|Project by Peter Brown||posted 04-27-2016 12:01 AM||755 views||1 time favorited||5 comments|
This wooden indoor swing adds a bit of fun to a casual sitting room. So far everyone in our house has had a turn on the new addition to our rec room
The wood I chose for this project was cherry, that was reclaimed from some old furniture, maple that I had from another project and some bloodwood for a splash of color. I love the way bloodwood looks, but it is an extremely hard wood to work with. It is very dense and dulls blades and bits fairly quickly. AKA bloodwood sucks.
Each piece of lumber was planed down to 3/4” thick, by running it though my thickness planer.
Then each board is ripped to 3 1/2”
Then cross cut to 12” in length.
I played with the layout on these boards for some time, but finally came up with a pattern I liked. Now the total width of the swing will be about 25” and it will measure 12” deep. It is comfortable for all members of the family and since the boards are quite wide there is no “pinching” effect.
I bored out a 1/2” hole for the rope to pass through. This leaves 1/4” walls and is more that secure for the swing.
In an effort to further save everyone’s’ butt from getting pinched, I rounded over all the edges with a 1/8” round over bit in my router table.
Last thing to do was a few coats of spray lacquer for protection. I do love the look of bloodwood.
The rope I chose was 1/2 braided rope rated for a 500lb load. It seemed more than up to the task at hand.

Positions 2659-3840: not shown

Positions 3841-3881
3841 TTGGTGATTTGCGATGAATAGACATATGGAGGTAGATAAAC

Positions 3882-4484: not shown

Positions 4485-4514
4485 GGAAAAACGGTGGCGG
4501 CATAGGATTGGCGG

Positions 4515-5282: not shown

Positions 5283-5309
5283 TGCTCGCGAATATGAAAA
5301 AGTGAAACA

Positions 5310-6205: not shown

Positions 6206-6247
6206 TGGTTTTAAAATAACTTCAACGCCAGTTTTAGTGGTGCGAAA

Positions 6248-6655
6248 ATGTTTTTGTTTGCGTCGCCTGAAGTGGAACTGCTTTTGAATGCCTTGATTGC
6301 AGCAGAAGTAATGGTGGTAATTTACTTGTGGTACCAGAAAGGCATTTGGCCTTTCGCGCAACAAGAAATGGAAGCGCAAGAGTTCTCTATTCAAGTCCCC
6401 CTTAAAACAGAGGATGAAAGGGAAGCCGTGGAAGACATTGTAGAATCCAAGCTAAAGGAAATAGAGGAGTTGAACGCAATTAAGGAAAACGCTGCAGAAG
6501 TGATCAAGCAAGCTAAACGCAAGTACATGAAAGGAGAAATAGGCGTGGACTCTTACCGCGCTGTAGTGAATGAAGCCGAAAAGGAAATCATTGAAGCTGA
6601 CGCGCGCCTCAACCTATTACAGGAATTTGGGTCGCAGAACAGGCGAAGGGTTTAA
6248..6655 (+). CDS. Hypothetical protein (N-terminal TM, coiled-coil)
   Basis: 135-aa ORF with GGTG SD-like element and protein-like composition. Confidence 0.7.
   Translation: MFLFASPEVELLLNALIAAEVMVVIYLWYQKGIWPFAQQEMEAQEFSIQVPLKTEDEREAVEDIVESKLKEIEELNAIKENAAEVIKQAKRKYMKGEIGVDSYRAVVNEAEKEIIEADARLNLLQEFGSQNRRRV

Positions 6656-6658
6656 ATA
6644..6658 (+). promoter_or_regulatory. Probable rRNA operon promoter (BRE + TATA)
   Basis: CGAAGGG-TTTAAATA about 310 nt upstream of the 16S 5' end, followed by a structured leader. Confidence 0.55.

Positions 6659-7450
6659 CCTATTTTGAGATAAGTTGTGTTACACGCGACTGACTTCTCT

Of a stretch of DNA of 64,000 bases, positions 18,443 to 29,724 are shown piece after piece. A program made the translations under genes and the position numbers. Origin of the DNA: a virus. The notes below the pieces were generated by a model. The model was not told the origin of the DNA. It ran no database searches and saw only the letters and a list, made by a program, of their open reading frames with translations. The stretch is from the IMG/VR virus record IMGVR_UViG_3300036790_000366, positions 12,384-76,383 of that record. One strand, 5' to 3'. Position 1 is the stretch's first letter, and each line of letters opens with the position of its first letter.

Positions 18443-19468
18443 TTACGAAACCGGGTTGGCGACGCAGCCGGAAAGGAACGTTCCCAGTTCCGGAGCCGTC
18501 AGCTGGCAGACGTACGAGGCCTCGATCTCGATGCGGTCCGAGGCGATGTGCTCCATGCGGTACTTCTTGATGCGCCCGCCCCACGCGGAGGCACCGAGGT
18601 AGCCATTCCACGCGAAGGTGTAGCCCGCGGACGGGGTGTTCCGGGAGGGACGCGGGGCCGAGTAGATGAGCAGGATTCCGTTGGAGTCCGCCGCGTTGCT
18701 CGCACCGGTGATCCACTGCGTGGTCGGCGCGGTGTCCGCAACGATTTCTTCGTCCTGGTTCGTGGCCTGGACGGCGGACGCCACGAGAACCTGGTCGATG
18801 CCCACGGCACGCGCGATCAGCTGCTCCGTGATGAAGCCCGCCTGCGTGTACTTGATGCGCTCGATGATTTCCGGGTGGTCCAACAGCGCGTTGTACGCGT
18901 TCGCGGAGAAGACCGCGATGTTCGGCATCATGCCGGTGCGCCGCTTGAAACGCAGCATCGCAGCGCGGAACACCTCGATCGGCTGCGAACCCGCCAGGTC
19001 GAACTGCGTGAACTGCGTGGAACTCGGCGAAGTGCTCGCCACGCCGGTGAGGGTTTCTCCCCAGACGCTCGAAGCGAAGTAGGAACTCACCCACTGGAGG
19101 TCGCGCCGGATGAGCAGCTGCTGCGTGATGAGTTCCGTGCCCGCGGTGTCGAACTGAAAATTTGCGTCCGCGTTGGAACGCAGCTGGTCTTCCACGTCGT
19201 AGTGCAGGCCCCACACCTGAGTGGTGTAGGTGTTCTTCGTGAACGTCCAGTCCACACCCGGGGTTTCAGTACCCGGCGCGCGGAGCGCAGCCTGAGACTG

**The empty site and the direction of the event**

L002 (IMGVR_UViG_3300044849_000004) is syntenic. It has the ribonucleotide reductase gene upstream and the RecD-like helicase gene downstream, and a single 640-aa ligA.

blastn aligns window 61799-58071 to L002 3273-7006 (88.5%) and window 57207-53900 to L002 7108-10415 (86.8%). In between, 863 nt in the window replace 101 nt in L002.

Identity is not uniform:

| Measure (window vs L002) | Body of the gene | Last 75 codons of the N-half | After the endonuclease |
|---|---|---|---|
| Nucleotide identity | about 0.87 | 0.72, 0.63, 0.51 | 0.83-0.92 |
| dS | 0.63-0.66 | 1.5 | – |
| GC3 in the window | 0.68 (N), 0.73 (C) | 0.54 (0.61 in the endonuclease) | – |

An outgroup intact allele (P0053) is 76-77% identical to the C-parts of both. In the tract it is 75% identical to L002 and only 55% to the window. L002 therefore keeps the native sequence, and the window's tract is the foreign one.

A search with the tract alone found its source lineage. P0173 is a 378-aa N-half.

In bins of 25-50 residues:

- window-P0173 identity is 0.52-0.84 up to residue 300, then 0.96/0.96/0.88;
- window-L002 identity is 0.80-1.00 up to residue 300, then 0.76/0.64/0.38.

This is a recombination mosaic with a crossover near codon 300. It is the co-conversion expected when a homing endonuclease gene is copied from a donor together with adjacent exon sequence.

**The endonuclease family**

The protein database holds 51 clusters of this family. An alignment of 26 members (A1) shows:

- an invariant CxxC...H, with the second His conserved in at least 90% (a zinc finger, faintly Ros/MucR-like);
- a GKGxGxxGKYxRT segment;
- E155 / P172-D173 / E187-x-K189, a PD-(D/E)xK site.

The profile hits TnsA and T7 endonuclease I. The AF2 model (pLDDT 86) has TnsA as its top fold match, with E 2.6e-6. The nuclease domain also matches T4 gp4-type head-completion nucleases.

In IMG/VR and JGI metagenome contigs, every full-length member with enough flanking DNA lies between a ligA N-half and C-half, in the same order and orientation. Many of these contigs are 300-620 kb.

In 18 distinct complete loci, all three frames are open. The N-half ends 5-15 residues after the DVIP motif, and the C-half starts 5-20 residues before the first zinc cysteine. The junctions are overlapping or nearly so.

I used a piece of duct tape wrapped around the end to act as my pull for threading the rope. I had toyed with the idea of adding spacers between each plank but think I’m much happier with the solid look.
After all the planks were assembled, I just needed a way to secure the rope to the ceiling.
I decided on a back splice. This would end up making my rope into a solid loop. The idea is simple enough, braid one end of the rope back into the other end.
The process was fairly simple after I found a video online demonstrating the technique. I’ve been told 3-5 weaves is more than sufficient.
I went with 7 as I believe in overkill. The rope splice is quite strong and I have no worries about it coming loose.
For hanging, I have exposed rafters in my glassed in patio room. I bought heavy duty eye bolts and quick links. The eye bolts are rated for 350lbs and the quick links are rated for over 1700lbs. Since each side is only holding up half the load this seems more than sufficient for me.
I’m sure there are better methods, and I might have to explore them in the future. As for right now it seems strong and my swing is holding up well.
Thank for looking! My kids have been fighting over who gets to swing next. Sigh, I suppose I can take that as a compliment….
-- Peter Brown - Collector of WD-40 and wood splinters